April 17, 2014—Harvard School of Public Health researchers and colleagues have compiled the first global data on dietary intakes of specific fats worldwide. The report compares the intake of saturated fat, cholesterol, trans fats, omega 3s, and other fats and oils among 187 countries.
The report, written on behalf of the Global Burden of Diseases Nutrition and Chronic Diseases Expert Group, was published online April 15, 2014 in the British Medical Journal (BMJ).
Poor diet is believed to be the single leading modifiable cause of poor health in the world. By 2020, it likely will contribute to about 75% of all deaths from such chronic diseases as heart disease, type 2 diabetes, obesity, and cancer.
The analysis of dietary assessments across the world provides estimates of the global consumption of major dietary fats and oils by region, country, age, and sex. The study was led by Renata Micha, research associate in the Department of Epidemiology at HSPH and research director, Department of Food Science and Human Nutrition, Agricultural University of Athens, Greece, and senior author Dariush Mozaffarian, associate professor in the Department of Epidemiology at HSPH.
Among the findings:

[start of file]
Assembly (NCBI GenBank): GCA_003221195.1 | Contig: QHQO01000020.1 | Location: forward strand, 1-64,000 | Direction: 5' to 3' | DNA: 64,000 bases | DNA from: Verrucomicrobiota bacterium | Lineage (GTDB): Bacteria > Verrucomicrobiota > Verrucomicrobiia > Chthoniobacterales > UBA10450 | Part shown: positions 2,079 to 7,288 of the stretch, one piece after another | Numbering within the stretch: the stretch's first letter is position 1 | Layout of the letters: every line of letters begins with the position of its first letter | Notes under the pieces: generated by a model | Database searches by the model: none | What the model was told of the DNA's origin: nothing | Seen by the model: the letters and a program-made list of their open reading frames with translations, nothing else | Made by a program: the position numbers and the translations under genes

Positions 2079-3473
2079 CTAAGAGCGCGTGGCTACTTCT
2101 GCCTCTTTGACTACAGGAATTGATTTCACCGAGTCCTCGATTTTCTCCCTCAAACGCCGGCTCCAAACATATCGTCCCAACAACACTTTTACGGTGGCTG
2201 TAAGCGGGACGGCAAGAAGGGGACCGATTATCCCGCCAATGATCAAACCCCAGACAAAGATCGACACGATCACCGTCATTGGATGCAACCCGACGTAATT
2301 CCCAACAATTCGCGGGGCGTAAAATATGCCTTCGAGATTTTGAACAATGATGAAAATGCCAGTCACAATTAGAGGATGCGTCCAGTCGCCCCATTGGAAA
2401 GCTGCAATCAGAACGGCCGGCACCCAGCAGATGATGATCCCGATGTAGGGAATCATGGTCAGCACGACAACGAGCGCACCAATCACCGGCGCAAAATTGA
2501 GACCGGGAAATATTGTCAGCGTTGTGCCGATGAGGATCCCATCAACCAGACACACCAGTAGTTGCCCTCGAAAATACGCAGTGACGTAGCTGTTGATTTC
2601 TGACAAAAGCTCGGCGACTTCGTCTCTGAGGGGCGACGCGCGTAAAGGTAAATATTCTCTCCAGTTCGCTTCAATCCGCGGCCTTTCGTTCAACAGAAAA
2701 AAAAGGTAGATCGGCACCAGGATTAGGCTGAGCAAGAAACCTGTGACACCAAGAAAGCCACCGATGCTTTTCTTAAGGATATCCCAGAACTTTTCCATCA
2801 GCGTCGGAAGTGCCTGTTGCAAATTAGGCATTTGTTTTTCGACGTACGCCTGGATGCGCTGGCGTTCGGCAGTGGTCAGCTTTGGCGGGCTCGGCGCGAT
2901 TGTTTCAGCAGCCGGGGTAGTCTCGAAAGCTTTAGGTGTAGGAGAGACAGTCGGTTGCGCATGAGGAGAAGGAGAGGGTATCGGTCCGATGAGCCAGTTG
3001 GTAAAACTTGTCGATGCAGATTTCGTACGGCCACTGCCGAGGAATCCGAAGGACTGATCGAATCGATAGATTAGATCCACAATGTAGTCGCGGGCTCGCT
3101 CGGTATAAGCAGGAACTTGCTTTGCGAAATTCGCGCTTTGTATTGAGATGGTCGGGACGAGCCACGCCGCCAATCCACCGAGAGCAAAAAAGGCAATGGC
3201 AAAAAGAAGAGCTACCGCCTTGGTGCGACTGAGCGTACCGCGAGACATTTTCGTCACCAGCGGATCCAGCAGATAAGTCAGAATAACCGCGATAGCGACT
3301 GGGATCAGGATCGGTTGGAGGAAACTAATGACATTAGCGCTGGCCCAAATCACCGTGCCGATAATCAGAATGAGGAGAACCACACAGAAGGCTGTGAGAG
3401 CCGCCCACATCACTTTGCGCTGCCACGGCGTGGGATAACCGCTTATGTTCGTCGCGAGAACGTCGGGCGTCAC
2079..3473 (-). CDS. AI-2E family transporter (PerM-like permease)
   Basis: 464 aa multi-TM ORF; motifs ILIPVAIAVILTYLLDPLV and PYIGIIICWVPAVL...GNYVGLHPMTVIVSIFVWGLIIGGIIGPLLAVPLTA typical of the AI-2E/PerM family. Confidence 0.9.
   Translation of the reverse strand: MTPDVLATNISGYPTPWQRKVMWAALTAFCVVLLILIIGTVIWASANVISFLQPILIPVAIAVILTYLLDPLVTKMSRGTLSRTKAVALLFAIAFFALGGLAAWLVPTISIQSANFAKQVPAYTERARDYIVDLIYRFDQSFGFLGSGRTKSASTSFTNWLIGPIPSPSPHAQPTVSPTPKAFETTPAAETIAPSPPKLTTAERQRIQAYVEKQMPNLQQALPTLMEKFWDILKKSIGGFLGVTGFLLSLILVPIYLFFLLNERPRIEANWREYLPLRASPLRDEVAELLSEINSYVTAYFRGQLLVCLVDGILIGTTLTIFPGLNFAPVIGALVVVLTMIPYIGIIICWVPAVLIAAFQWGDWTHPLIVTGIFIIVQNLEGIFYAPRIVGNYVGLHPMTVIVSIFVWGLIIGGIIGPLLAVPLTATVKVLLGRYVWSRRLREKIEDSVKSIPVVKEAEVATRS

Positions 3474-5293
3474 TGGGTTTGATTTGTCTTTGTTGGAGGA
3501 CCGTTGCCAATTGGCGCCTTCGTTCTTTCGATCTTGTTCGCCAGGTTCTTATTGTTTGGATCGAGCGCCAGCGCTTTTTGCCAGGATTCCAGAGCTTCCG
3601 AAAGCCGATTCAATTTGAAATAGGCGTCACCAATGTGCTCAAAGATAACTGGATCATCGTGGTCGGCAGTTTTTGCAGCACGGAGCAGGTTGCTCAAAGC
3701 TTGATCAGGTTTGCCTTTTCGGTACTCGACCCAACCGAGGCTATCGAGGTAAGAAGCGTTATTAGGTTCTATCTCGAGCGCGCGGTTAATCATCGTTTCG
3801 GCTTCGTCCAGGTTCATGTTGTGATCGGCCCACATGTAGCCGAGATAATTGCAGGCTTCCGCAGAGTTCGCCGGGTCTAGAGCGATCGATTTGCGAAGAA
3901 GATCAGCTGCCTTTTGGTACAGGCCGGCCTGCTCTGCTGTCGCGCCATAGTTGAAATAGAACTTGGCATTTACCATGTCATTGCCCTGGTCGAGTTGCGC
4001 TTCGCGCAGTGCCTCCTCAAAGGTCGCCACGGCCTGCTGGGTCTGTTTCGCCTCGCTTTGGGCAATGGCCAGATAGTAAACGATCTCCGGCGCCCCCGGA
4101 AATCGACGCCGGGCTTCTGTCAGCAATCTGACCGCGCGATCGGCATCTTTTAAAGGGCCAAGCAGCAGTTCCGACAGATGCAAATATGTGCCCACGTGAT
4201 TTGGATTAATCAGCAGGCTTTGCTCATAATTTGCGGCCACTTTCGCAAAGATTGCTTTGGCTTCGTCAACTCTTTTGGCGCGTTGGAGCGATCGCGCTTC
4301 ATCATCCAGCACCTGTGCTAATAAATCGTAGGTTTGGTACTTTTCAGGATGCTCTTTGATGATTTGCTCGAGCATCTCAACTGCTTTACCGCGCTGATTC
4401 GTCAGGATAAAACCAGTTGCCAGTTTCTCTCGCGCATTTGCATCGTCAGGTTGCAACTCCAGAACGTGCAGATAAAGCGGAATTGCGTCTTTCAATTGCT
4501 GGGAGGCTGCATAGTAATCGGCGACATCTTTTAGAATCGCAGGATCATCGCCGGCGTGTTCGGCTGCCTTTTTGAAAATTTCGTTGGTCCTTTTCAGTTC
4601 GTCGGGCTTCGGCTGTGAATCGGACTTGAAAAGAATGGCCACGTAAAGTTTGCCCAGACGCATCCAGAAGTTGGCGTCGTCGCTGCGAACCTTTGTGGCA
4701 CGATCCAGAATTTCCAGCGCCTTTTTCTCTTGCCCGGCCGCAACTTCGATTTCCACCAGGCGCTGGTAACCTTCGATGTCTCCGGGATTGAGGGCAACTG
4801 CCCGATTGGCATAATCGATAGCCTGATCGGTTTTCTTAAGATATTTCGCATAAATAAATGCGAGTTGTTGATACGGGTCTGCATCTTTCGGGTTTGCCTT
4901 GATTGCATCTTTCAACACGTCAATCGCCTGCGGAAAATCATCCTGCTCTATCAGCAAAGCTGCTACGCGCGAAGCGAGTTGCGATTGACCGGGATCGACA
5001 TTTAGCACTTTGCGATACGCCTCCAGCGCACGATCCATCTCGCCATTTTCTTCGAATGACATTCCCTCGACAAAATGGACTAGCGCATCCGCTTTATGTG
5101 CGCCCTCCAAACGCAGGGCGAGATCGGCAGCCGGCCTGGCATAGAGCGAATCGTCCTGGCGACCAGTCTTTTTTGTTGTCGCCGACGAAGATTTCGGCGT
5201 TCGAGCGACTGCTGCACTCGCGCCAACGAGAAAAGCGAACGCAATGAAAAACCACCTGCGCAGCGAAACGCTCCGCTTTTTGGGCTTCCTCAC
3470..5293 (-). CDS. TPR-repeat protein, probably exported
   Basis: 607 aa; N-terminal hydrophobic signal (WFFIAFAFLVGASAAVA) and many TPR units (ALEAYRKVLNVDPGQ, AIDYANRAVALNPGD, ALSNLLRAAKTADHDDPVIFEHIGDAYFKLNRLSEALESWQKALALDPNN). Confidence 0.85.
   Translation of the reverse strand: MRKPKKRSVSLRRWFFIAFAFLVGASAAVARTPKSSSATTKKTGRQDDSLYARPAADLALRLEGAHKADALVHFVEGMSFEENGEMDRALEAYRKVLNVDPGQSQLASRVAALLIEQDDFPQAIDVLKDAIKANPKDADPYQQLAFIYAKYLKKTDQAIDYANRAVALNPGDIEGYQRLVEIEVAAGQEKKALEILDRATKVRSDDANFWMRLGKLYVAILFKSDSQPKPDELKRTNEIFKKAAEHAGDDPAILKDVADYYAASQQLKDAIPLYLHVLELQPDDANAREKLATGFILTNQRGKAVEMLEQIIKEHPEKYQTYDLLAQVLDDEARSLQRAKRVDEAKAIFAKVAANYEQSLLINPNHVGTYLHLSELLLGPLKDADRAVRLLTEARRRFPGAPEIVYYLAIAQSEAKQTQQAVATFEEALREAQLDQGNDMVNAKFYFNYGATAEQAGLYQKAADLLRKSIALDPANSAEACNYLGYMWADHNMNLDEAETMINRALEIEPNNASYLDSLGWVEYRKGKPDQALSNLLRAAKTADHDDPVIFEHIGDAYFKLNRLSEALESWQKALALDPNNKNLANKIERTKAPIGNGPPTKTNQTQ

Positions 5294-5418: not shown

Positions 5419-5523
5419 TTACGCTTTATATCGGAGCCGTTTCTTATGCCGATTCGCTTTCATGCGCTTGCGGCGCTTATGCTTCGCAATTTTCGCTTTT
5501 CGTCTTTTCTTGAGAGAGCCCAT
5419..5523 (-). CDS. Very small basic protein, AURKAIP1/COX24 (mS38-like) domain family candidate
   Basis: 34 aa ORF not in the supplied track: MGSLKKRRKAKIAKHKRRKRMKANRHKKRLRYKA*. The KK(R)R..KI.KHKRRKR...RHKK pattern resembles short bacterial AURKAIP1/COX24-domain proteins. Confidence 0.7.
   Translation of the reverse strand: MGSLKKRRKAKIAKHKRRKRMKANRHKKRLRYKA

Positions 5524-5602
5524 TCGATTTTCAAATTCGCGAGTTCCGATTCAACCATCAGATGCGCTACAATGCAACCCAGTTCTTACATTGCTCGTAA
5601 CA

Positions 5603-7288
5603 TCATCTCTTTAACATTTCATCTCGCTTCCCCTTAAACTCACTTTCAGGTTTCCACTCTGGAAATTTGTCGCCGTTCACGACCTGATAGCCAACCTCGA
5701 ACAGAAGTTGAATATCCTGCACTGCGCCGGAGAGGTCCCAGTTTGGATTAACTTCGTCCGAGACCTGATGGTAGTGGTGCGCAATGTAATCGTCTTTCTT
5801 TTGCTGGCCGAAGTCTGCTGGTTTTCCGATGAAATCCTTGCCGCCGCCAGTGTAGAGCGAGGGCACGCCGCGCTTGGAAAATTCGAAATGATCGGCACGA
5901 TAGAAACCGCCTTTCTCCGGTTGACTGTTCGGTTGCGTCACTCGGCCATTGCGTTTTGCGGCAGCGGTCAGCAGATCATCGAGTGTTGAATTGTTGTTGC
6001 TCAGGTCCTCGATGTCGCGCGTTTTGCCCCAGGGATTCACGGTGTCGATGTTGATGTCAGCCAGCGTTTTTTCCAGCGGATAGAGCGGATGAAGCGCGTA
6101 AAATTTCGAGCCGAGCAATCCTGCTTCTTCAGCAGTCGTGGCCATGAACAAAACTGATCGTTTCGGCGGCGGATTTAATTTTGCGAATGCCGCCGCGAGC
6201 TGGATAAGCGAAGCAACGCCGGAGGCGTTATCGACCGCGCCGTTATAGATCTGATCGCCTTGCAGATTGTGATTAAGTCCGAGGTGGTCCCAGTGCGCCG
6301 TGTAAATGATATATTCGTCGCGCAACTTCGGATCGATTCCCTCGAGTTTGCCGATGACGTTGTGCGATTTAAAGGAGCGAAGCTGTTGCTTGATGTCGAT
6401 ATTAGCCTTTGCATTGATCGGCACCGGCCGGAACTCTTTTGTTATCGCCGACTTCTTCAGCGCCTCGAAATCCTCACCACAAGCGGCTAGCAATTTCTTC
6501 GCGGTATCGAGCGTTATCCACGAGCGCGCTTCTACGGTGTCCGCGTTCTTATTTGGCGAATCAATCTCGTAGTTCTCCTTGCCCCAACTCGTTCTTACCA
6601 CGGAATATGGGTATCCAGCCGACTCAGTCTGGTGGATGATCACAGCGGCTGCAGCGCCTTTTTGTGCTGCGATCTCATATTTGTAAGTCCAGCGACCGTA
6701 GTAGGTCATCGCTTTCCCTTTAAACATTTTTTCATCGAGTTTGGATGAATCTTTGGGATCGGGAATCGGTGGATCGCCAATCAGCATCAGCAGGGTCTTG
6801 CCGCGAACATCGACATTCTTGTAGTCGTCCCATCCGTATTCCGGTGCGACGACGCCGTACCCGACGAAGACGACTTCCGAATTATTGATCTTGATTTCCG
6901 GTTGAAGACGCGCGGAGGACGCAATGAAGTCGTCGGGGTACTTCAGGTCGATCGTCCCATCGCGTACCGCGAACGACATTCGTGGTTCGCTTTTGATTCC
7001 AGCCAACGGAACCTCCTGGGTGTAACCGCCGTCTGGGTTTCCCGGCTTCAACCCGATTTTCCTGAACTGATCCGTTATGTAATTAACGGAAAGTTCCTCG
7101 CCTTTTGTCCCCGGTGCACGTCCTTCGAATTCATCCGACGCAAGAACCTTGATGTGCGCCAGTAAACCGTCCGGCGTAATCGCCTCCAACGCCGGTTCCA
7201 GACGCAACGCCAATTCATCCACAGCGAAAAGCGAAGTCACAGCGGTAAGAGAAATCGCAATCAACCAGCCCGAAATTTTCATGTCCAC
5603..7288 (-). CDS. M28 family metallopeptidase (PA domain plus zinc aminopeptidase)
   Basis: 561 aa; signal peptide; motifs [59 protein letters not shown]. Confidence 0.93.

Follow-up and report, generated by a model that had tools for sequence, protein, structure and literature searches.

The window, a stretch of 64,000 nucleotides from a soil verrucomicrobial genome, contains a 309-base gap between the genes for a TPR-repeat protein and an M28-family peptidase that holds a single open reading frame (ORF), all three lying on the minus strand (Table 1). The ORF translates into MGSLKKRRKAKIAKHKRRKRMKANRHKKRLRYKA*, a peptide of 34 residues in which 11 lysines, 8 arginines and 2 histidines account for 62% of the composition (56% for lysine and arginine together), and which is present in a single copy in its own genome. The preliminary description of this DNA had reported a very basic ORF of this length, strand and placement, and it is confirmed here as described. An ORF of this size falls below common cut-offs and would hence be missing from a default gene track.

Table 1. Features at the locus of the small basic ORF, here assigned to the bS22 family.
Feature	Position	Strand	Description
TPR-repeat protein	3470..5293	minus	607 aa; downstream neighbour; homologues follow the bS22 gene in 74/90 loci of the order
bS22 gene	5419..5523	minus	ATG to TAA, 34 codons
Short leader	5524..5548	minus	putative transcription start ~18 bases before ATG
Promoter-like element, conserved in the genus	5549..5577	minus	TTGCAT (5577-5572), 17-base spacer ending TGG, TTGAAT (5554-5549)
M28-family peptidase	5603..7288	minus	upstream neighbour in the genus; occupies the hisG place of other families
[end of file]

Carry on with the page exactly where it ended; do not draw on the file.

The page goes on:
- Between 1990 and 2010, global saturated fat, dietary cholesterol, and trans fat intakes remained stable, while omega 6, seafood omega 3, and plant omega 3 fat intakes each increased.
- In 2010, global saturated fat consumption averaged 9.4%; country-specific intakes varied dramatically from 2.3 to 27.5%. The world’s highest consumption of saturated fat in adults in 2010 was in Samoa, Kiribati, and similar palm oil producing island nations, as well as Sri Lanka, Romania, and Malaysia. The lowest intake was in Bangladesh, Nepal, Bolivia, Bhutan, and Pakistan.
- Country-specific consumption of trans fat ranged from 0.2 to 6.5% (global mean: 1.4%) for trans fat; and for dietary cholesterol, from 97 to 440 mg/day (global mean: 228 mg/day).
- Globally, the average intake of seafood omega-3’s was 163 mg/d, but with tremendous national variation from 5 to 3,886 mg/d. Highest intakes were identified in island nations including Maldives, Barbados, the Seychelles, and Iceland; as well as in Malaysia, Thailand, Denmark, South Korea, and Japan. 100 nations had very low consumption (<100 mg/d), generally in Sub-Saharan African and Asian regions as well as North Africa and the Middle East, representing 3 billion adults and 66.8% of the world’s adult population.
Within regions and countries, consumption of fats and oils were generally similar for men and women. For instance, women generally consumed only slightly more saturated fat and plant omega-3s than men. Trans fat intakes were generally higher at younger ages; and dietary cholesterol and seafood omega-3 fats generally higher at older ages.
“Global, regional, and national consumption levels of dietary fats and oils in 1990 and 2010: a systematic analysis including 266 country-specific nutrition surveys,” Renata Micha, Shahab Khatibzadeh, Peilin Shi, Saman Fahimi, Stephen Lim, Kathryn G. Andrews, Rebecca E. Engell, John Powles, Majid Ezzati, Dariush Mozaffarian on behalf of the Global Burden of Diseases Nutrition and Chronic Diseases Expert Group (NutriCoDE), British Medical Journal, online April 14, 2014; print April 19, 2014